Saturday, 23 February 2013

PPC: Should You Buy Ads when You Rank Organically?

Pay per click offers one strong advantage over organic: you can buy your way into the top listing. For many companies, this is the only way they’ll ever see the number 1 Google position for highly competitive keywords.
For other companies, pay per click is often used as a temporary measure, or a testing platform to see just how attractive certain keywords are before they start focusing their organic SEO efforts on certain keywords. In most cases the idea is that once you’re able to claim top organic rankings for your keywords, you then no longer need to pay for them.
But can pay per click still be beneficial even after you’re topping the Google rankings?
As in so many things, the answer is “it depends.”

When you’re the #1 organic ranking, you still aren’t #1

One thing you always have to keep in mind is what the search engine results page looks like for your keywords. Let’s take a look at this search phrase for “CNC Machining Southern California”
We can see here that the number one organic position is Pendarvis Manufacturing. They’ve clearly done their homework to climb up to the coveted top ranking. But… users still will see three paid listings above them.
We know that users click on ads, and the higher your position the better. So there are actually a chunk of people looking for CNC Machining Southern California who will never even glance at that first organic listing. While Pendarvis is no doubt claiming the majority (or plurality) of traffic from that search phrase, it’s very possible that they could claim yet more if they had a paid ad in addition to their organic listing.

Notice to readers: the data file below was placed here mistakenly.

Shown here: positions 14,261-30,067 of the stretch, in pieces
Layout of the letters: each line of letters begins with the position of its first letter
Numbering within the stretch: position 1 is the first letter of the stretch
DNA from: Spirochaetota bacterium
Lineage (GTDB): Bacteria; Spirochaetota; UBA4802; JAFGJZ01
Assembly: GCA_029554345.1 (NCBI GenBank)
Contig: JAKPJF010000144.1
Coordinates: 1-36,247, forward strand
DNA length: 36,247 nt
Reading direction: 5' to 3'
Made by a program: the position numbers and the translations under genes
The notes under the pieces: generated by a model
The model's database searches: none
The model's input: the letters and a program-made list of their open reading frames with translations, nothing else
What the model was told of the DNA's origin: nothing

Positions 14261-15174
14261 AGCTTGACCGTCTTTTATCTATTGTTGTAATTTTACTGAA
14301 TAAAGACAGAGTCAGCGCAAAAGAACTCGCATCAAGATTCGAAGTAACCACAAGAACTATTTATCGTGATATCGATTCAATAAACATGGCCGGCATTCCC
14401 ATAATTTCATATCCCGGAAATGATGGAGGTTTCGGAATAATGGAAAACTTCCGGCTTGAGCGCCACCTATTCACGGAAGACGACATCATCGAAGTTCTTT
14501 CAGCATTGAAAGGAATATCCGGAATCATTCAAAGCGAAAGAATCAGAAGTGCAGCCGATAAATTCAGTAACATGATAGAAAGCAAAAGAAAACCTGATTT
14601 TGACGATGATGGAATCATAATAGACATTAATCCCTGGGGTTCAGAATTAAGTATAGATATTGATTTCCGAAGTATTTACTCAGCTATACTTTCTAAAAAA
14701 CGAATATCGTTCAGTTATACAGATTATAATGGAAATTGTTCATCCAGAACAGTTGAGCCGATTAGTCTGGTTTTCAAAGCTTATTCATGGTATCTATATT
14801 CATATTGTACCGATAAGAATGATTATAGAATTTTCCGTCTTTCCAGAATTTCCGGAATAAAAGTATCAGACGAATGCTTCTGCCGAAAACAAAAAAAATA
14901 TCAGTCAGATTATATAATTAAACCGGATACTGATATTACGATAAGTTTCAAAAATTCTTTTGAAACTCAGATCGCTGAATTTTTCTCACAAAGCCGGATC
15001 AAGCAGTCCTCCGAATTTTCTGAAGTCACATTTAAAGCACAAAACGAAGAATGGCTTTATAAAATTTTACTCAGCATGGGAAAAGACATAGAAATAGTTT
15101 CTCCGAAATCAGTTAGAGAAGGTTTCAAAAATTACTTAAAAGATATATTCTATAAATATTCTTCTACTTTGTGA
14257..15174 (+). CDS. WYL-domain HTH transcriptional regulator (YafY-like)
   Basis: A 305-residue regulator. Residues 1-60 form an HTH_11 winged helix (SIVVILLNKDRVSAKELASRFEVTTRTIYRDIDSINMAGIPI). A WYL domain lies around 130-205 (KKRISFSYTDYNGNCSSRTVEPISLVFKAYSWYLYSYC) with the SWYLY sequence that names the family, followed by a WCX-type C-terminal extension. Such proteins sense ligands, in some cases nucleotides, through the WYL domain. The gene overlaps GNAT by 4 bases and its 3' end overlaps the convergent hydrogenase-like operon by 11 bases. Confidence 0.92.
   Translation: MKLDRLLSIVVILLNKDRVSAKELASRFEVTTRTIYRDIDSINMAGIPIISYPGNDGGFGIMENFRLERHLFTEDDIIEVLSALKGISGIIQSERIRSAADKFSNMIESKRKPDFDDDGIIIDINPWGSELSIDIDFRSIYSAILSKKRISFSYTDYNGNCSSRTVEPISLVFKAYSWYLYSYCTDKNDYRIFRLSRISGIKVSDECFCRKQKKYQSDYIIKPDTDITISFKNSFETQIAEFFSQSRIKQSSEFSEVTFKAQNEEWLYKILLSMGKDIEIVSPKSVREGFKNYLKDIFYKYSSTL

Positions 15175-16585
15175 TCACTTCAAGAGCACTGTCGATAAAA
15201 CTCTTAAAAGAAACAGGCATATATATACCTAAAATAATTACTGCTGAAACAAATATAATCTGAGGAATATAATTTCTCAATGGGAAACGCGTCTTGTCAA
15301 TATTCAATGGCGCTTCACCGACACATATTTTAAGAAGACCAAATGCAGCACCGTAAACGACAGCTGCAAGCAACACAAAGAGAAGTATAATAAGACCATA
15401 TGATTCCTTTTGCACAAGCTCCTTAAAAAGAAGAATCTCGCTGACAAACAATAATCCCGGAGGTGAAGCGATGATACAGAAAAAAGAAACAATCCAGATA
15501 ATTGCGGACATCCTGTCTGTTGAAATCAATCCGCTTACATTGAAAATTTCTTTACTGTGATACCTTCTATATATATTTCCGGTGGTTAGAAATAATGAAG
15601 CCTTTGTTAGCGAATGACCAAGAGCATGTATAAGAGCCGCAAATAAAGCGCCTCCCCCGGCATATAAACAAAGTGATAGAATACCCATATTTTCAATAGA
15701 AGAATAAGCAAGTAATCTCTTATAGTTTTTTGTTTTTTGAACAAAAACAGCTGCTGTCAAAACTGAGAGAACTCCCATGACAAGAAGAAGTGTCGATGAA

At Ecreative we manage pay per click as well as organic SEO accounts, and for many of our clients we see great gains in traffic and conversions by maintaining paid ads in addition to top organic listings. After all, if our ad isn’t appearing up there on the top, it’s not like those people are going to move down to the organic listing — they’ll just click whatever ad does appear on the top.
The only way to claim that traffic is to be there.

Don’t pay for ads if you don’t have to

On the other hand, not every search phrase has paid ads associated with them. In that case paying for ads is good only if you aren’t already topping the SERP rankings. Let’s take our Gronnor test site that we built to demonstrate The Grizzly Equation.
When we search for this (made-up) word, our test site is the first result — not just the first organic result, but actually the first result. There are no ads competing for user attention.
In most situations like this that we see with actual clients, if we pay for an ad for this keyword we do generate traffic from the ad, but then our organic traffic drops by exactly that amount. So by paying for an ad you’re just spending money to get the clicks that you’d otherwise get for free.
In situations like this you usually don’t want to pay for ads for keywords for which you’re already achieving a top organic rankings.

Click distribution and Google ads

We’ve discussed click distribution of Google ads in the past, and we know that statistically somewhere between 40% – 50% of users are going to click on the first organic result. That’s why we work so hard to reach that first result.
But that’s also why being number 1 isn’t the end of the battle. After all, if you’re the number one-ranked result, you’re still missing out on at least half of the search traffic. But the more positions you claim — both organic and pay per click — the larger the share of that search traffic you can direct to your site.

The only way to know is to test

Ultimately, the only way to know if it’s worth paying for keywords that you already rank well organically is to test your Google Adwords campaigns.
Spend a couple months with your ad campaign on pause and measure your organic traffic from the keyword. Then turn your ads back on — see how much traffic your ad draws, and what happens to your organic traffic.
If you get 3,000 extra clicks from ads, but your organic click-throughs drop by 3,000 it’s clearly not worth it. But often you’ll find that you see your ad click-throughs have minimal, or even zero, impact on your organic traffic. In that case it’s just a matter of optimizing your pay per click campaign to maximize your traffic and conversions from both channels.
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